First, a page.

According to a 2013 European Commission against Racism and Intolerance report, it was particularly difficult for Muslim women who wore headscarves to find employment. The report cited cases in which employers refused Muslim women employment or traineeships because of their refusal to remove their headscarves. Infra also noted that migrant women faced greater obstacles finding employment than local women. In 2014 Infra offered extensive legal assistance to one woman who was refused employment in a warehouse due to her alleged inferior physical working capacity as a woman. The case resulted in the country’s first dispute settlement under the law, and the woman was awarded financial compensation.

e. Acceptable Conditions of Work

There is no national minimum wage. The Liechtenstein Workers Association negotiates minimum wages annually with the Chamber of Commerce and the Chamber for Economic Affairs. The government estimated the poverty income level at 27,600 Swiss francs per year ($28,400) for a single person without family, approximately 2,300 Swiss francs ($2,370) monthly. For a single parent with two children, the minimum annual income was 48, 240 Swiss francs ($49,600), approximately 4,020 Swiss francs ($4,140) per month. For a household of two adults and two children, the minimum annual income was 55,500 Swiss francs ($57,100) per year, approximately 4,625 Swiss francs ($4,760) per month.

While the law explicitly requires equal pay for equal work, the median income for men during the year remained approximately 17.2 percent higher than that for women.

The law sets the maximum workweek at 45 hours for white-collar workers, employees of industrial firms, and sales personnel, and 48 hours for other workers. The law provides for a daily mandatory one-hour break and an 11-hour rest period for full-time workers; with few exceptions, the law does not allow work on Sunday. The law requires overtime pay to be at least 25 percent higher than the standard rate, and overtime is generally restricted to two hours per day. Overtime may also be compensated with additional time off. The average workweek, including overtime, may not exceed 48 hours over a period of four consecutive months. These standards also covered the thousands of workers who commuted daily from neighboring countries. The law covers all professions, but some exceptions to overtime limits were authorized in the areas of nursing and medical treatment. There were additional safeguards for youths, pregnant and breastfeeding women, as well as employees with family duties.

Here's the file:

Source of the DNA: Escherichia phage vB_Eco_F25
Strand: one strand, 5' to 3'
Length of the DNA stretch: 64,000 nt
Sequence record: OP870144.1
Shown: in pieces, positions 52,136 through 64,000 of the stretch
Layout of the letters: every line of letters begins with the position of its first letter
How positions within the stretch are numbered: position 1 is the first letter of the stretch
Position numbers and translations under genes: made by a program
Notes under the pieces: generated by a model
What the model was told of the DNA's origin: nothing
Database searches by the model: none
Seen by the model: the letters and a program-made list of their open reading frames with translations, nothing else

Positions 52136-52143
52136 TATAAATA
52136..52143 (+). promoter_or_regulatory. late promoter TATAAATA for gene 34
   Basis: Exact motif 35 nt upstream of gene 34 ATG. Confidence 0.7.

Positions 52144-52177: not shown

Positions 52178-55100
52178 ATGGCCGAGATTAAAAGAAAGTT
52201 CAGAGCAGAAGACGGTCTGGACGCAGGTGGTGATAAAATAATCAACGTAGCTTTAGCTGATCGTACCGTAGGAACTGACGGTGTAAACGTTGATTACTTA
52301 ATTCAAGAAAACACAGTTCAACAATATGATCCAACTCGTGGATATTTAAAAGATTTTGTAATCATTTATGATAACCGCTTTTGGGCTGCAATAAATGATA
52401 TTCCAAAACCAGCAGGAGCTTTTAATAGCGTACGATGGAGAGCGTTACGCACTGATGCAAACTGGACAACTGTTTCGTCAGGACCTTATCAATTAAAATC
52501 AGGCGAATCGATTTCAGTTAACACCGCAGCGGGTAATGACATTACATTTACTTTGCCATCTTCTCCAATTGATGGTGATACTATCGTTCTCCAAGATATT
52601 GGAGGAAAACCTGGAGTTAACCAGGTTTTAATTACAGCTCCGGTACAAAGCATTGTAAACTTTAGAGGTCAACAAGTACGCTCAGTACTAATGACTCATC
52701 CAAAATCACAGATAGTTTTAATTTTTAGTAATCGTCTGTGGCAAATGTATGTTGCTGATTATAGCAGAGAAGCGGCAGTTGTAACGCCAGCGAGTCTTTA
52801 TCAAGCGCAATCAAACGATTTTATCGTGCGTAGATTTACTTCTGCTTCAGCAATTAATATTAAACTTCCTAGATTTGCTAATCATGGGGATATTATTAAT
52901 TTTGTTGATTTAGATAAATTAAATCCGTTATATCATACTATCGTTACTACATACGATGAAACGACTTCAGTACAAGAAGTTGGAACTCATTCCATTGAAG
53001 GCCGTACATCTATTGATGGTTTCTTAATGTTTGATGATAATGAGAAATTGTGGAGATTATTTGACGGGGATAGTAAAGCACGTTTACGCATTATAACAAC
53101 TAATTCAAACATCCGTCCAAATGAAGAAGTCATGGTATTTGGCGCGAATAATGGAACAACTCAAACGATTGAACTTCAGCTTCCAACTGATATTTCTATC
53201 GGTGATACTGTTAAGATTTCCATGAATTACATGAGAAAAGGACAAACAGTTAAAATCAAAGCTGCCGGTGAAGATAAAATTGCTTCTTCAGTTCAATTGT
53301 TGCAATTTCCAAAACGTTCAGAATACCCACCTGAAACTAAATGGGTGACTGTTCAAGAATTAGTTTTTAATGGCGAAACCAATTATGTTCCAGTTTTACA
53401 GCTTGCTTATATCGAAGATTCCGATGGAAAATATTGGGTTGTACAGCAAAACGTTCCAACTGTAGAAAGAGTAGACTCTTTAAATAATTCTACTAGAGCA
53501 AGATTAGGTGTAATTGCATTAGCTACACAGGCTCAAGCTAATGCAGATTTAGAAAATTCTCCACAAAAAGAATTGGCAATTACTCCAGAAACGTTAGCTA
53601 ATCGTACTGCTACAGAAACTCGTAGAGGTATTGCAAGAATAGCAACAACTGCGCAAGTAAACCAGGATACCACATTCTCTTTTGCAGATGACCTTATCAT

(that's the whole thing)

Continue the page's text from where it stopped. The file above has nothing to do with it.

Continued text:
The Office of Labor Inspection, a part of the Department of National Economy, is responsible for enforcing labor laws, including regulations that mandate a healthy work environment, work hours, holidays, and workplace safety. The agency had inspectors in two sectors: one inspector for examining workplace conditions, such as wages and occupational health and safety, and two inspectors for controlling construction sites or work permits.

Workers can remove themselves from situations that endangered their health or safety without jeopardy to their employment, and authorities effectively protected employees in such cases.